Shifting the Burden Archetype

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An underlying problem generates symptoms that demand attention. But the underlying problem is difficult for people to address, either because it is obscure or costly to confront. So people "shift the burden" of their problem to other solutions—well-intentioned, easy fixes which seem extremely efficient. Unfortunately, the easier "solutions" only ameliorate the symptoms; they leave the underlying problem unaltered. The underlying problem grows worse, unnoticed because the symptoms apparently clear up, and the system loses whatever abilities it had to solve the underlying problem.

Excerpt From: Peter M Senge. “The Fifth Discipline: The Art and Practice of the Learning Organization: First Edition.”[1] .

Shifting the Burden Archetype
Causal Loop Diagram

Shifting the Burden is one of the 16 System Archetypes. These structures are one of the most important remarks of System Dynamics and Systems Thinking. Archetypes are used to detect patterns of behaviour of social systems (businesses, communities, states, economies, etc.) - it can be used as a diagnostic tool of current state or as a tool to look at the future development of the system. As a diagnostic tool it helps managers to obtain perspective of the internal structure of the system, its functioning and help them to get a better idea of the current system state. As a prospective tool it is mainly used for planning. Managers can formulate their future goals and with the knowledge of the functioning of their organization, they can better determine the procedure by which this goal can be reached.

Shifting the Burden Quick Fix Response

Shifting the Burden archetype captures the situation when dealing with a problem is solved only by temporarily solution. This short-term solution also affects the fundamental solution. Attention is given only to short-term solution or a solution which solves only side effects. Shifting the Burden is pervasive on many levels of our society. It is also a key ingredient in ecological matters. We have often avoided confronting the underlying issues because we use quick short-term fixes.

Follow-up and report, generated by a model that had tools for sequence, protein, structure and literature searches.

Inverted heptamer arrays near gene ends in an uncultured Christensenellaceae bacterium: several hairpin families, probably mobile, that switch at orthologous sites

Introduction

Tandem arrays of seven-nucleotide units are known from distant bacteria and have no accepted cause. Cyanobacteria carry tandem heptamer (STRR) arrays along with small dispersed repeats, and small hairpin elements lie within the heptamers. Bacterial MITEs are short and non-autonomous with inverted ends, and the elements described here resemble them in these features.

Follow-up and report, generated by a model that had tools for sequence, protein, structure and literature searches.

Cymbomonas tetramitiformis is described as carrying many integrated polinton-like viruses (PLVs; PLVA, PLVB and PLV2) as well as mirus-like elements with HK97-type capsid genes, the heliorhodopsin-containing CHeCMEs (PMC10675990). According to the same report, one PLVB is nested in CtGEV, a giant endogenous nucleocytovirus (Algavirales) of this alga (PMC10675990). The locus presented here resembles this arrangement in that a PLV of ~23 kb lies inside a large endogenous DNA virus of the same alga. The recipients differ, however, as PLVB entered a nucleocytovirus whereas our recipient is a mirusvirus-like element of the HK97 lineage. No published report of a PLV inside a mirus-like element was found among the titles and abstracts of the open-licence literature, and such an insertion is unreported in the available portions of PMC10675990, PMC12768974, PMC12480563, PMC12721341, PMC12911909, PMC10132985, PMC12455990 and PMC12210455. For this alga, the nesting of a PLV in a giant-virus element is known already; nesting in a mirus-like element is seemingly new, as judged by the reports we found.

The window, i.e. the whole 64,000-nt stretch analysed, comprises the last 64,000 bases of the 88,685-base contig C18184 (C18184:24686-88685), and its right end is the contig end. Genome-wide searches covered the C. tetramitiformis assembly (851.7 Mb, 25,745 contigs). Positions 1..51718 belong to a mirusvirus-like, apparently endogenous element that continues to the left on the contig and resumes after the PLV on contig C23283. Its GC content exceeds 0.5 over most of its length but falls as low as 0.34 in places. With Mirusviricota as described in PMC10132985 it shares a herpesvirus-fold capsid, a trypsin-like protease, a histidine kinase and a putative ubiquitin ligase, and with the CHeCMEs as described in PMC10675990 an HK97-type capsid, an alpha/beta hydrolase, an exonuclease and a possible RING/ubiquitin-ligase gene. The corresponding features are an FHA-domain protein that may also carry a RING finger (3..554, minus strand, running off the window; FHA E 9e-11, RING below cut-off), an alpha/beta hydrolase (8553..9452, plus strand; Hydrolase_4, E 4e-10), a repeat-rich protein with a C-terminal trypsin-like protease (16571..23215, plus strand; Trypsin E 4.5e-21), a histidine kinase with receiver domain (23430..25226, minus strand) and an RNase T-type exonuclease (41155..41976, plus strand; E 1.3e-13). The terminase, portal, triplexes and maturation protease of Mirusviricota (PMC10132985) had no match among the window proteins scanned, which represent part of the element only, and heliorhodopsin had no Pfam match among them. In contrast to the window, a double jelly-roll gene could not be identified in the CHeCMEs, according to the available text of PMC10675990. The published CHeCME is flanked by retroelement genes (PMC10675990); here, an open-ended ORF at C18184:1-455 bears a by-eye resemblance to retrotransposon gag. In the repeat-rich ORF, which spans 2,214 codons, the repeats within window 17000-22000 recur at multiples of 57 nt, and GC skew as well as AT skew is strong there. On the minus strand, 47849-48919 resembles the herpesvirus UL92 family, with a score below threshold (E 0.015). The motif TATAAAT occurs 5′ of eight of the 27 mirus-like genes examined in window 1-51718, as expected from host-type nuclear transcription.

This Systems Archetype was formally identified in Appendix 2 of The Fifth Discipline[1] by Peter Senge (1990).

If reinforcing and balancing feedback and delays are like the nouns and verbs of systems thinking, then the systems archetypes are analogous to basic sentences or simple stories that get retold again and again. Just as in literature there are common themes and recurring plot lines that get recast with different characters and settings, a relatively small number of these archetypes are common to a very large variety of management situations.

The systems archetypes reveal an elegant simplicity underlying the complexity of management issues. As we learn to recognize more and more of these archetypes, it becomes possible to see more and more places where there is leverage in facing difficult challenges, and to explain these opportunities to others.

Excerpt From: Peter M Senge. The Fifth Discipline: The Art and Practice of the Learning Organization: First Edition.[1]

The Fifth Discipline